Watch: New documentary portrays the joys and struggles of living as an intersex person

The documentary called Every Body profiles three intersex activists who share their personal pain, challenges, and joy.

Two people laughing on a couch in an intersex documentary called Every Body.
Image: Instagram @rivergallo

A new documentary called Every Body celebrates intersex lives and offers viewers new insight into the struggles and joys of living as an intersex person.

The documentary profiles three intersex activists who share their stories in an honest and vulnerable way. After being told to stay silent about their experiences for so long, these interviews show viewers that intersex identities deserve to be talked about and “just existing as an intersex person is grounds for celebration”.

Intersex refers to anyone born with variations in sex characteristics. This can include chromosomes, gonads, sex hormones, or genitals that do not fit the stereotypical definitions for male or female bodies.

Too often, when a child is born with intersex characteristics, doctors intervene with nonconsensual surgeries in an attempt to fit the child into the binary. These interventions are rarely medically necessary, and they usually negatively impact the course of intersex lives.



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A post shared by River Gallo (@rivergallo)

Director Julie Cohen said when making the documentary, she aimed to portray not only the pain and challenges that intersex people face, but also the joy.

Activist Alicia Roth Weigel (she/they) said they enjoyed the opportunity to share details about her experiences in a more three-dimensional way than they typically experience, especially compared to the two minutes they usually have to testify before legislatures.

Sean Saifa Wall (he/him) told The Advocate Channel, “I have had my fair share of media opportunities, and I think often what happens is that it’s kind of shown in a two-dimensional way”. Wall added: “I hope that people come to this film with curiosity, not only about the content but about themselves, about what they’ve learned about what they’ve internalised about biological sex and gender.”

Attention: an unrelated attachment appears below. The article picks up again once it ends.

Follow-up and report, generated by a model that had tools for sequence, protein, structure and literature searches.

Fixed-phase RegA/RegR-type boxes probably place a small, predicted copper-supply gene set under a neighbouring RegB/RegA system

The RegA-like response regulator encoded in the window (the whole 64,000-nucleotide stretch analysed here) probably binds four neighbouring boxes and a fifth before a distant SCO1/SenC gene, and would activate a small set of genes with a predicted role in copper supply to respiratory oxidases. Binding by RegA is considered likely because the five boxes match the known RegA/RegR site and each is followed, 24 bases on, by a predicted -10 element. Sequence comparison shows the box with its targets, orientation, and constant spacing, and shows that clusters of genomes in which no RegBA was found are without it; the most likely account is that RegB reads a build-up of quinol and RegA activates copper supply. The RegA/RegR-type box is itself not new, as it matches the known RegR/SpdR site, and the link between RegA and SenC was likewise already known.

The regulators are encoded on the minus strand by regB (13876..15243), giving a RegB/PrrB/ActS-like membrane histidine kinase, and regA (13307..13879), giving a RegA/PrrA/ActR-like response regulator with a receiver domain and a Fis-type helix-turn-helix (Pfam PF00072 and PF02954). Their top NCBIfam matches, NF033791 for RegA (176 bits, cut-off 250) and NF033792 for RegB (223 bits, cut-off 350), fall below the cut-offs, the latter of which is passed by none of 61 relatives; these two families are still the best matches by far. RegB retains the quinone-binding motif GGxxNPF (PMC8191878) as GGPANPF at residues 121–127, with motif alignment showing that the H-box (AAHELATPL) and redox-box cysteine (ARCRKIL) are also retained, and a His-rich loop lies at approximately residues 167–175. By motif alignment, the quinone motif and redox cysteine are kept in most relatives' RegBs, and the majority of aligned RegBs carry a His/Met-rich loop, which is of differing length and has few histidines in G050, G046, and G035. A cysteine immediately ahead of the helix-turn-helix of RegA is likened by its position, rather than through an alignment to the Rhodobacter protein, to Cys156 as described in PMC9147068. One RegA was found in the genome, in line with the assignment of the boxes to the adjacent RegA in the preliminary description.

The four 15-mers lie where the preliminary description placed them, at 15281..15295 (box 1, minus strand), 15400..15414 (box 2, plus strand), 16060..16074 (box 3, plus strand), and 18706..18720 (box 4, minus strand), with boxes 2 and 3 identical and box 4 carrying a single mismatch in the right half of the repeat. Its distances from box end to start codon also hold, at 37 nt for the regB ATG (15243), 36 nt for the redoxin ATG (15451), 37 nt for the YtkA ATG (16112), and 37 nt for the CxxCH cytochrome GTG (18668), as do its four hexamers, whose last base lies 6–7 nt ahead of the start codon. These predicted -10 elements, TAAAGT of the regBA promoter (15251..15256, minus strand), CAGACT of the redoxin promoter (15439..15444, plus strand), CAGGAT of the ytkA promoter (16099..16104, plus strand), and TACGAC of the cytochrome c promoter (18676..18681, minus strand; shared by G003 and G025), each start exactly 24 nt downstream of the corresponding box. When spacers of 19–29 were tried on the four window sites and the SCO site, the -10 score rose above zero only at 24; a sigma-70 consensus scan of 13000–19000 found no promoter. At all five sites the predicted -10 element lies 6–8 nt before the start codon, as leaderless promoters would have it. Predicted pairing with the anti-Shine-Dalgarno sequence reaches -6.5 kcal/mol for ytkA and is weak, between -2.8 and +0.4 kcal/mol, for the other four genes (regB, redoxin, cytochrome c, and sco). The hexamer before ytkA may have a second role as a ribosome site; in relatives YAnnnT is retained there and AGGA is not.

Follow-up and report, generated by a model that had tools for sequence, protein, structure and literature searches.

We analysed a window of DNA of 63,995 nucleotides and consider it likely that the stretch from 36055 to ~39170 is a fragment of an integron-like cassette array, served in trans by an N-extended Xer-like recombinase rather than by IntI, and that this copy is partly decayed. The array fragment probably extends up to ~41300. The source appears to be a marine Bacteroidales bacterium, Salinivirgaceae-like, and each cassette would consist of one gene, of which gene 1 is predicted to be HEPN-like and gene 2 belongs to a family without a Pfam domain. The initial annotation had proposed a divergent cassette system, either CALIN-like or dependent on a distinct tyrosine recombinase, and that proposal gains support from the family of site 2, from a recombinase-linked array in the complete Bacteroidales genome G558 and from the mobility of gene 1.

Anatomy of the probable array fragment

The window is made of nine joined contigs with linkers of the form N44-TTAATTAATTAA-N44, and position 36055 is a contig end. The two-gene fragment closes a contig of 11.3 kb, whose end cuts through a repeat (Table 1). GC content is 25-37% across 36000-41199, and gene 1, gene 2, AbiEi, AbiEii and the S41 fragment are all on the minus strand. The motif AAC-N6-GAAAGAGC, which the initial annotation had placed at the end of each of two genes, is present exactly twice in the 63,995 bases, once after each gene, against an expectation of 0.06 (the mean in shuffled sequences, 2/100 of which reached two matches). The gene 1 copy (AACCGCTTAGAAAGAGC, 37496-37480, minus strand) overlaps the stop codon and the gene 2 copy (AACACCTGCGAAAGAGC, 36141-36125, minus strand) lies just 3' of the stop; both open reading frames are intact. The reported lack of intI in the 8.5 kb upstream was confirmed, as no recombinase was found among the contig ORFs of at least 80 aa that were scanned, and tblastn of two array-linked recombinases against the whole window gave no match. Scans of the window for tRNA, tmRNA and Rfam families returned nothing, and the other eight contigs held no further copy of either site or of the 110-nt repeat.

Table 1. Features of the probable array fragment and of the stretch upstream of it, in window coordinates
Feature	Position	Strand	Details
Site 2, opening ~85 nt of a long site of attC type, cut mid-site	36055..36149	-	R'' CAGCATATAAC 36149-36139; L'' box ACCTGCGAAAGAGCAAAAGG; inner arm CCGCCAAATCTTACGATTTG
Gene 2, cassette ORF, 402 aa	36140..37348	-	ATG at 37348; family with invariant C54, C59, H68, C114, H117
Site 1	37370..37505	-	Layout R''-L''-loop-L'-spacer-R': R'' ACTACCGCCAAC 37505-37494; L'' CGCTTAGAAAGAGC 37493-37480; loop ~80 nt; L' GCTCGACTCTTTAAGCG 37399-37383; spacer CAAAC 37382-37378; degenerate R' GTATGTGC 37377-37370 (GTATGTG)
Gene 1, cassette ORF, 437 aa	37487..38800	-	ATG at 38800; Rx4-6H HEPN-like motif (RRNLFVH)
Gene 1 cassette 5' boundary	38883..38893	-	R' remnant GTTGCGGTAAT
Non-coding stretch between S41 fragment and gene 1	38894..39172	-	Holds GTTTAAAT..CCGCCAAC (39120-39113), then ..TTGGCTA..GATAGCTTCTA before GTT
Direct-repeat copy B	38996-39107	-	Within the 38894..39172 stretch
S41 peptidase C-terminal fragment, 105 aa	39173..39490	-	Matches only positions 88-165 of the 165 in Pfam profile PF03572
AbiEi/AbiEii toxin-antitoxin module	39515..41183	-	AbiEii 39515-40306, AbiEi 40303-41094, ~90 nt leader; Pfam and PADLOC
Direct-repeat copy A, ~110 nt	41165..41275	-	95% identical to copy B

River Gallo (they/them) also described the film as “a beautiful opportunity” to explore their own feelings. They said: “There are certain things that I talk about in the documentary that I’m still in the process of figuring out myself. I seem inspiring and powerful, and I am those things, but also, I’m so insecure about who I am.”

River also told Them: “I think that despite it being uncomfortable, sharing my trauma and sharing what the medical establishment has done to me and to my body and to my family — I know that sharing my story could save somebody’s life. And I don’t mean that lightly.”


In this current political climate where LGBTQ+ identities are often misrepresented, the film provides the background and understanding we need.

In recent years, countries across the EU, including Ireland, have called on the United Nations to protect intersex persons in their autonomy and right to health. Locally, Intersex Ireland advocates for intersex people and calls for an end to unnecessary surgical procedures.

The Every Body intersex documentary is now available on major streaming platforms, including Amazon Prime Video.

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